Movie star sued for SK-II advertising
Updated: 2006-10-06 09:04

While many Chinese catch up on their favorite movies during the weeklong National Day vacation, a woman in south China's Jiangxi Province is waiting for a local court to respond to her request to sue a movie star.

Carina Lau, a well-known Hong Kong star, appeared in advertising for Japanese cosmetics brand SK-II owned by Procter & Gamble. []

"She should pay for cheating customers with false advertising," said furious 43-year-old Lu Ping. She filed a lawsuit against Carina Lau, a Hong Kong star, who appeared in advertising for Japanese cosmetics brand SK-II owned by Procter & Gamble.

Lu saw the advertisement in a fashion magazine in January last year, in which Carina claimed that using the product for four weeks could help "reduce wrinkles by 47 percent and make you appear 12 years younger". Because she is about the same age as the actress, Lu decided to try out the product.

She bought a bottle of skin-tightening, anti-wrinkle facial milk. But 28 days later, her skin had not become silky. Instead, her face became itchy and she felt a burning sensation.

Last month, China's General Administration of Quality Supervision, Inspection and Quarantine found chromium and neodymium in nine SK-II products, including the one Lu used. The toxic heavy metals can cause dermatitis and skin rashes. Neodymium also causes harm to eyes, lungs and liver. They are banned for use in cosmetics in China.

SK-II products were taken off the shelves in China last September and the company was fined 200,000 yuan (25,000 U.S. dollars) for false advertising. But Lu believes that Carina Lau is also culpable. "I wouldn't have bought it (the product) if she hadn't advertised it," she said.

To fuel Lu's anger, Carina told the public after "SK-II Gate" that "there is nothing wrong with the brand" and she would "support SK-II as always."

"Celebrities influence consumers, especially when they are idolized and trusted," said Qiu Baochang, director of the committee for protecting consumers' rights under the Beijing Bar Association. Misleading consumers with false advertisements, Qiu said, is potentially very harmful.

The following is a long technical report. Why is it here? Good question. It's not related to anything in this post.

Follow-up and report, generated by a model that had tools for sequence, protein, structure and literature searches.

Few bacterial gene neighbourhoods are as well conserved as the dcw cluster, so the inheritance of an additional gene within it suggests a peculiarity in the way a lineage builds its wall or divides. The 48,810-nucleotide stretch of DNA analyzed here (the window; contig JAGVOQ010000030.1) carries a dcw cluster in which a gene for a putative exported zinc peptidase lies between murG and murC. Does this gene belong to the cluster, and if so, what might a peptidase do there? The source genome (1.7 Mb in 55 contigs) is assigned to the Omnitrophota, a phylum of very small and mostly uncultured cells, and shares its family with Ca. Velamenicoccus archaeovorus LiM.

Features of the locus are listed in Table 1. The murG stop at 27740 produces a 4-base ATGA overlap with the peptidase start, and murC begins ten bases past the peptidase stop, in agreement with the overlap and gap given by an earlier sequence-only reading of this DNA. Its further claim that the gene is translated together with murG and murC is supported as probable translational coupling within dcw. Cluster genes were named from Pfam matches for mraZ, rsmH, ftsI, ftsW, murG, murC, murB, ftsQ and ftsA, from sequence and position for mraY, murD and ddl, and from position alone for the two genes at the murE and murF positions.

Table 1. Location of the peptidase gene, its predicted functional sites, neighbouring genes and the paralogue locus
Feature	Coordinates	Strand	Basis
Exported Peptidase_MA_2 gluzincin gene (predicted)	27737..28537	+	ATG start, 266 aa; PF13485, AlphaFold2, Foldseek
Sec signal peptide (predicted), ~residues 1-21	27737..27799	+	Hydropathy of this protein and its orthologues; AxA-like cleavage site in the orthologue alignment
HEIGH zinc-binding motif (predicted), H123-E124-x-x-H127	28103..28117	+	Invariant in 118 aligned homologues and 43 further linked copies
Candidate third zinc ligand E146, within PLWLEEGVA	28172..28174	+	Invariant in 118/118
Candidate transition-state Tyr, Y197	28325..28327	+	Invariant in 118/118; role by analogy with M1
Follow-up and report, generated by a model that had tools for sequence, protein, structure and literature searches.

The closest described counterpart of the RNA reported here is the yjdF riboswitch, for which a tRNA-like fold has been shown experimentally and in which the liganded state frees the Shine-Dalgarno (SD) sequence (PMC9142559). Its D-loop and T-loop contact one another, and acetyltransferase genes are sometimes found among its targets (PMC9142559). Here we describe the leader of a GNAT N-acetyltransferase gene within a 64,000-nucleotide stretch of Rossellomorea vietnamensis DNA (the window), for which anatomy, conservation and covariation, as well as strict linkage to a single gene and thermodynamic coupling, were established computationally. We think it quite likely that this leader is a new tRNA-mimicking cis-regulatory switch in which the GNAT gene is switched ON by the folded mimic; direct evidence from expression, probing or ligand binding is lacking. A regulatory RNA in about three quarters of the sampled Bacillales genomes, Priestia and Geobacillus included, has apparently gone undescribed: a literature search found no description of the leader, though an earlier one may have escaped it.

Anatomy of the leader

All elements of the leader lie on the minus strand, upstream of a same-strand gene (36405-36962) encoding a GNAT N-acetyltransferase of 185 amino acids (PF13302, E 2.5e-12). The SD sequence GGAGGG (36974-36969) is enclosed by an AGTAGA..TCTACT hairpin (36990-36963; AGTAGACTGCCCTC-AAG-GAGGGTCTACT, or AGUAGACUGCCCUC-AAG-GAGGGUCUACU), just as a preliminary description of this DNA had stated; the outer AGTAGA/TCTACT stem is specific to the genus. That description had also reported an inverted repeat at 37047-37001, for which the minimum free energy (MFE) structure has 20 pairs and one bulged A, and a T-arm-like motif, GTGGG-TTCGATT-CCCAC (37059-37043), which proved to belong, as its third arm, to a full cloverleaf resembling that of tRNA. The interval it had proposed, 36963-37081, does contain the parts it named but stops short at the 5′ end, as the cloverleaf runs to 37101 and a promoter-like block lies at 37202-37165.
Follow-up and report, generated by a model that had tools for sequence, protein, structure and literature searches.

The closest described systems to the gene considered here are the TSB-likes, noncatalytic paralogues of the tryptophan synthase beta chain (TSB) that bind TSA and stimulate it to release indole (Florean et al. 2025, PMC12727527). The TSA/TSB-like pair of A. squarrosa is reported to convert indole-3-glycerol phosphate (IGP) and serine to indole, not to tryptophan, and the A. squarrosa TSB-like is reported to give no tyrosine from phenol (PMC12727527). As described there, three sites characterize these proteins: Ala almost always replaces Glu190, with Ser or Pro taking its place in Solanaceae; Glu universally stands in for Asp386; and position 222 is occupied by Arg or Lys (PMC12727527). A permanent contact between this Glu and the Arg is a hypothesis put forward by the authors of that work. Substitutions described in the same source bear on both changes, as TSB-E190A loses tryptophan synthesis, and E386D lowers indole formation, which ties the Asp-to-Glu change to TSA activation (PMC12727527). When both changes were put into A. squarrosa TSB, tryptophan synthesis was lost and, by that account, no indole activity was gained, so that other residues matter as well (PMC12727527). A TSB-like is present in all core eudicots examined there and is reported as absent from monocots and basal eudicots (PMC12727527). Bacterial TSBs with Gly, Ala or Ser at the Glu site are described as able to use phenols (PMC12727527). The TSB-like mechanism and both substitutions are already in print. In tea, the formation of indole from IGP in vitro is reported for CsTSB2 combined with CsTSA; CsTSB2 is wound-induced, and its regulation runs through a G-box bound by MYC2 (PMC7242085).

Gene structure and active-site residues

Carina Lau is not the only celebrity to be involved in questionable advertising. An actor who had appeared on screen as Chairman Mao promoted a hospital to cure sterility, and an actress vaunted the merits of a medicine with her son. The advertisements were cancelled, but neither actor was punished.

Regulations and laws do not specify the responsibility of celebrities in cases of false advertising.

Lu Ping's attorney Tang Wei believes that if a movie star promotes a product without paying attention to product quality, the advertisements will - at the very least - damage his or her reputation. "Besides," Tang said, "false advertisements are equivalent to fraud, and those who profit from fraud are guilty." He is confident about the lawsuit.

In an online survey conducted by the China Consumers' Association, over 78 percent of netizens said that celebrities should share legal responsibility if product advertisements turn out to be false or misleading.

Medical and food advertisements with celebrities acting as patients, consumers and experts were banned this August by the State Administration of Industry and Commerce, while Qiu called on lawmakers to specify celebrities' legal duties in advertising.

He proposed that celebrities sign a contract with advertising agencies to ensure product quality. By doing so, they could not only protect their own reputation, but force producers to be more careful.

Qiu urged consumers to be sensible and cautious and not to follow advertisements blindly.

Lu Ping, anxious that her case will be dealt with soon, said that celebrities should know something about the products they promote. "I guess actresses can't pay for labs to check the safety of cosmetics, but at least they can stop promoting them when the products are shown to have quality problems."


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